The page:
Somehow we managed to survive a tough 2017

Opinion Dec 20, 2017 by James Bow Kitchener Post

For the last column of 2017, it's traditional to look back on the year and pass judgment. Was it a good year? Or was it, as the Queen once said, an Annus Horribilis?

It is coming up to a year when my mother passed away after a brief battle with pancreatic cancer. Though her passing technically happened in 2017, I still think of it as a 2016 event.

It was an illness that capped off a year that ended really badly for many people. It seems trite to compare my mother's passing to the election of Donald Trump as president of the United States, but I know she was horrified.

And before the shocking election occurred, people were reacting to 2016 in horror at all the beloved celebrities who had passed away, from David Bowie to Leonard Cohen.

Many of us came out of 2016 shocked, horrified and numb. At the time, I said that winter was coming, and it would be a long one. However, though winter came, the world did not end.

I confess to jealousy about that. When I learned of my mother's diagnosis, I was about to attend a friend's party. Of course, I didn't go. And though it's not rational for me to say so, seeing photographs of this party later on upset me. How could the world carry on in the face of what I'd felt?

But it does carry on, whether we like it or not. It is what we do, personally and politically, and as we do it, we eventually rekindle the flames of hope.

In 2017, the attendance at Trump's inauguration was dwarfed by the number of people who came out in support of the Women's March. The neo-Nazi rally in Charlottesville this past summer was met with outrage throughout the world, and people mobilizing against hate.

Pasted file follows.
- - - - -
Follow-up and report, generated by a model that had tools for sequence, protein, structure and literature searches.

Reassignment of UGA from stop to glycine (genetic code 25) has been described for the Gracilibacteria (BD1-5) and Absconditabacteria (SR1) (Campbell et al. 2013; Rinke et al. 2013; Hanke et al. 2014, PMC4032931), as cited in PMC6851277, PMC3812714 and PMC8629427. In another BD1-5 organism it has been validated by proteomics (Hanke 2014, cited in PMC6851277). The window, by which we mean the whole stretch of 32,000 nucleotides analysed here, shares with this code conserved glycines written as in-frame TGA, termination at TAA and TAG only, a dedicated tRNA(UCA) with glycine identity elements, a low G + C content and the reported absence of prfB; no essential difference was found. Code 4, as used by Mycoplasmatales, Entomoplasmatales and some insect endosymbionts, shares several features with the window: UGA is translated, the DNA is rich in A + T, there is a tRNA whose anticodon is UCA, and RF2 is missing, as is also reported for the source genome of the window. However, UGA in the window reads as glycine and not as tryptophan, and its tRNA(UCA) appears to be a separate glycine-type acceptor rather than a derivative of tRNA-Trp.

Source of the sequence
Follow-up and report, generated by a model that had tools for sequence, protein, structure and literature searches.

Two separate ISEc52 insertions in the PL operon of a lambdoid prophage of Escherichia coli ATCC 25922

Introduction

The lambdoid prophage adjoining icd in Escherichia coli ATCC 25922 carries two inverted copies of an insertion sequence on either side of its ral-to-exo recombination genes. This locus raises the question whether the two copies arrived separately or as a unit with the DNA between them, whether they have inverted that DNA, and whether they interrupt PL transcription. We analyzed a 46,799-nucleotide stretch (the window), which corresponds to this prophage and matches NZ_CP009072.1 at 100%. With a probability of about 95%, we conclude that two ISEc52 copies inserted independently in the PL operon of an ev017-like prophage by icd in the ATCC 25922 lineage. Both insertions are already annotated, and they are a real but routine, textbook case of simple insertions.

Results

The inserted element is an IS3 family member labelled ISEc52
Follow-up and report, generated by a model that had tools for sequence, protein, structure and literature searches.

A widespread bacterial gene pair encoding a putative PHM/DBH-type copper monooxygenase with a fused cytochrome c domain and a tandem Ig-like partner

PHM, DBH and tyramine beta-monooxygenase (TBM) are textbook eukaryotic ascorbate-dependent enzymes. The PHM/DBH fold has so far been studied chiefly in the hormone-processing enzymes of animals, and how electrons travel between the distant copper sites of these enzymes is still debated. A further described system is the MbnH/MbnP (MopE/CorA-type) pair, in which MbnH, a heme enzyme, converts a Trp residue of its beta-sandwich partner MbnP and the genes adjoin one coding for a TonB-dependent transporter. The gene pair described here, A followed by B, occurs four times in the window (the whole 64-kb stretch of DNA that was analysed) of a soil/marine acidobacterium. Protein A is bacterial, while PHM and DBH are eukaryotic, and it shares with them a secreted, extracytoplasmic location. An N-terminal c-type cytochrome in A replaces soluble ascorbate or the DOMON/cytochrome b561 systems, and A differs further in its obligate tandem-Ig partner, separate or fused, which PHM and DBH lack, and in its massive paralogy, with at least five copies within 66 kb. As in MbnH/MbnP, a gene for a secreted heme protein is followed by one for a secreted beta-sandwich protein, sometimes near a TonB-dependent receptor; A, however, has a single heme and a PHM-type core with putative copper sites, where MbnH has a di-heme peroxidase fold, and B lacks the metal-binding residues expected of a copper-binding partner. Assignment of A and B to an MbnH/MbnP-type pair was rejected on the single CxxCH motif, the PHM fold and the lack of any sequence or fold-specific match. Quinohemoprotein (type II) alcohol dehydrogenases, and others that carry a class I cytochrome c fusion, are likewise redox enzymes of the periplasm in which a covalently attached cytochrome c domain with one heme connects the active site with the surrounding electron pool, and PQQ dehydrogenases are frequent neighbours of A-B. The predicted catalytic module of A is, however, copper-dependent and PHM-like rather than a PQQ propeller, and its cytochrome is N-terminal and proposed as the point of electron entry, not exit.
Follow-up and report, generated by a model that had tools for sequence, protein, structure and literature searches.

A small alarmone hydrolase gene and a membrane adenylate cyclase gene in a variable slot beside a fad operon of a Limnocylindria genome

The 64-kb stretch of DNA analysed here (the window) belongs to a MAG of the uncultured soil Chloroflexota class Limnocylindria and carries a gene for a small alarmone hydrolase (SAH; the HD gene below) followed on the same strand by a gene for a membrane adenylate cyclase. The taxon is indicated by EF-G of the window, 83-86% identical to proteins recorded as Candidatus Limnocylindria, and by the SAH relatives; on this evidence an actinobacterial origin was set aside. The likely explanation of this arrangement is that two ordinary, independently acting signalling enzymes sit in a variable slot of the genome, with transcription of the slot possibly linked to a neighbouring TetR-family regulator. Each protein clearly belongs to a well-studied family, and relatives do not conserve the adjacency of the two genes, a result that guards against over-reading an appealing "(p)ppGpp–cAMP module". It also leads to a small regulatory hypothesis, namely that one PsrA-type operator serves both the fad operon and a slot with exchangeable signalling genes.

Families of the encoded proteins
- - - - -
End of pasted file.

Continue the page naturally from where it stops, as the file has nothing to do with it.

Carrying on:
Throughout the United States, more than 30 state, local and federal districts have flipped from Republican to Democrat, many in areas that had voted heavily for Trump. Alabama, one of the reddest of the red states, has elected a Democratic senator for the first time in 25 years. Decent people who previously stayed quiet are learning the value of speaking out and others are working to give them safe spaces to do so.

Closer to home, when a small group of people raised spurious objections to a proposed Islamic prayer centre, dozens of people came out to the Waterloo council meeting to speak in support of the Islamic applicants.

Throughout our community, activists work on issues of accessibility, tolerance and safety. Homophobes and racists may have been emboldened by the election of Trump, doing things like spray-painting LGBTQ+ friendly churches, but decent people have shown their support for these churches, and the true message of Christ that they teach.